DNS Zone in WHM

The TTL column controls how long the record remains cached before it requires the general public to re-request the DNS record from the source. Caching is convenient during times of migration because it can effectively minimize downtime by using a lower TTL! The IN field always needs to be set to IN, so it is best not to make changes to this field.

Lastly, we have the record type, which is twofold: it’s necessary to select the record type and fill in the data field. For example, if you choose to add an A record, an IP address must follow that in the adjacent field. If using a CNAME then you’ll use a FQDN in its adjoining field, again, don’t forget the trailing period!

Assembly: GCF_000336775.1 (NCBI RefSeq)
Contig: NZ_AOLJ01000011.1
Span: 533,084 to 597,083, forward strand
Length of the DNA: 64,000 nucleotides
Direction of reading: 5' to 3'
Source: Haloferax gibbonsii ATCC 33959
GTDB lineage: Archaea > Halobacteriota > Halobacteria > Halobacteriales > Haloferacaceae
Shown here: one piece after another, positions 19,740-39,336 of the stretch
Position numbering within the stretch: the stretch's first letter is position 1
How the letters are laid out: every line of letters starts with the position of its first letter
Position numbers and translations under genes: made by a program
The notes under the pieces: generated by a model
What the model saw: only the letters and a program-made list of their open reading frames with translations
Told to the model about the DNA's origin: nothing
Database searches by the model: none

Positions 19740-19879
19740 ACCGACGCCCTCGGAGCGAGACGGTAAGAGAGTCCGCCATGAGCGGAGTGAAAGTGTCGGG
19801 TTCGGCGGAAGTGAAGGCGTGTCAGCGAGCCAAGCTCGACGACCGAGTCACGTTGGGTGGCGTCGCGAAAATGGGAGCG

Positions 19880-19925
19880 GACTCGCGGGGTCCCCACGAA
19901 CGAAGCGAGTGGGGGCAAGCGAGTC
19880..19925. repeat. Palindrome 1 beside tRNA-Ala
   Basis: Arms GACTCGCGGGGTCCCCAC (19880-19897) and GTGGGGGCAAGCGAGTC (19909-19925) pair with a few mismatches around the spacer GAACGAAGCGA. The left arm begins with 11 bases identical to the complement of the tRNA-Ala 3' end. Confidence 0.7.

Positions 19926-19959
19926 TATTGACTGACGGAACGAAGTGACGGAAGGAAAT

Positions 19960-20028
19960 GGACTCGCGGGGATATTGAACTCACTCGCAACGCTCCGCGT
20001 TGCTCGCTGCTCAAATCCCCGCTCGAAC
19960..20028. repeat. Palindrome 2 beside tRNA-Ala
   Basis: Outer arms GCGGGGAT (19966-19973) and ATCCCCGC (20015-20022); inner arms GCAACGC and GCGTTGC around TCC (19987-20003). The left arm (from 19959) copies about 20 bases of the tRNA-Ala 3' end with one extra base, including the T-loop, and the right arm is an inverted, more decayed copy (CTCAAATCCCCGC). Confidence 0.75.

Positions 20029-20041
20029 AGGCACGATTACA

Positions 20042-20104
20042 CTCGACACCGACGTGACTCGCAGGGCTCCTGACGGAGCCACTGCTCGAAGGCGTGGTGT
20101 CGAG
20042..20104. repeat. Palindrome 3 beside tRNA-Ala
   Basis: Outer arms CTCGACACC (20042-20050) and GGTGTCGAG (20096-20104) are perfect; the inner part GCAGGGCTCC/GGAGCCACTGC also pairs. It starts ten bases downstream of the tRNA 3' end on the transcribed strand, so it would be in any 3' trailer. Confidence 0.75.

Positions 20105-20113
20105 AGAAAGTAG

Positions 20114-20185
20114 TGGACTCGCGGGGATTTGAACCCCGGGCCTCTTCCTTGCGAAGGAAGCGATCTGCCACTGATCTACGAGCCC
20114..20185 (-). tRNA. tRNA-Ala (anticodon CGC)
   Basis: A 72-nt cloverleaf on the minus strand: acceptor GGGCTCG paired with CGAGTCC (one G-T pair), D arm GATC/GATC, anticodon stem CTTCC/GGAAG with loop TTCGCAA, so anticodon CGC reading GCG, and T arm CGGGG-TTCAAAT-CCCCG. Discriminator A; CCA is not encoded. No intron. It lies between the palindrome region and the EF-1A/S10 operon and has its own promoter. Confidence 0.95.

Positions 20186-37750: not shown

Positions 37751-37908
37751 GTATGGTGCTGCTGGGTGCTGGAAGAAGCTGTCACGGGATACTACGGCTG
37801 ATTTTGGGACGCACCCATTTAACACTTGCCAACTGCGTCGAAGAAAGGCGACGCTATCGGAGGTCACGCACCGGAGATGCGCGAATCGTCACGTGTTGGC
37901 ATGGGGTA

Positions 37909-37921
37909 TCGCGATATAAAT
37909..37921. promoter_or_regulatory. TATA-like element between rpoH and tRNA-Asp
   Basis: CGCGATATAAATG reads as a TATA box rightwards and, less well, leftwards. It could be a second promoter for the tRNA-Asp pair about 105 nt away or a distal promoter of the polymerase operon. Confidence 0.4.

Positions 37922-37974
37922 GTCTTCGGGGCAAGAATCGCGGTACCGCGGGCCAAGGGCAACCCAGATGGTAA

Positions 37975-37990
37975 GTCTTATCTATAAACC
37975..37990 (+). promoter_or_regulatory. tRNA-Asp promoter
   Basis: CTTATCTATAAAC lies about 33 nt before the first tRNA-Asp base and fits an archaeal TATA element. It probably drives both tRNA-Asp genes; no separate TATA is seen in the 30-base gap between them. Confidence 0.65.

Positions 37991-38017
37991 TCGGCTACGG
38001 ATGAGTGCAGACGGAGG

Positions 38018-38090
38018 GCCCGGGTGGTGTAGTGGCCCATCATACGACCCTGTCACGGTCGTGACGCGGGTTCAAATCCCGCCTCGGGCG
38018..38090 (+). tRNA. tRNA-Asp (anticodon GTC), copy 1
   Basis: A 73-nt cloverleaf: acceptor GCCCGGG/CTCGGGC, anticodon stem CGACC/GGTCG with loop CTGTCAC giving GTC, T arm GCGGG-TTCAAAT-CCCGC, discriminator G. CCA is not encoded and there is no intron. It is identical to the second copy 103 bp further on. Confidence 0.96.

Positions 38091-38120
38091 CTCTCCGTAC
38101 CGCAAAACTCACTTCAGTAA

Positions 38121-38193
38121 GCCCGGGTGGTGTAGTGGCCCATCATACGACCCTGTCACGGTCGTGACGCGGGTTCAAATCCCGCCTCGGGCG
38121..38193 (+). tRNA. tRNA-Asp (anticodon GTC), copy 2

WHM is broken up into two sections, one section allows for modifying the existing data OR adding a record. In this example, we are going to add an A record a new sub-domain “files.domain.com,” if propagation is a factor we can edit the TTL:

TTL field in WHM

In this example, we’ve added a new record to my zone file using a TTL of 300 seconds and pointed to the IP of the sub-domain. It will take at least 300 seconds, and up to 24 hours in some cases, for you to be able to see that domain from your browser or through a DNS lookup. Once you have added this info, you can save your changes! For the sake of brevity, we will skip the mail exchanger settings.

So far, we have only discussed editing DNS in WHM. Editing in cPanel is much more straightforward only offering two record options: add an A record, or add a CNAME. CPanel has fewer options and does not give full permission to the Panel user to edit their file, though they can make additional A and CNAME records, necessary for adding such elements as CDNs (Content Delivery Networks) or sub-domains.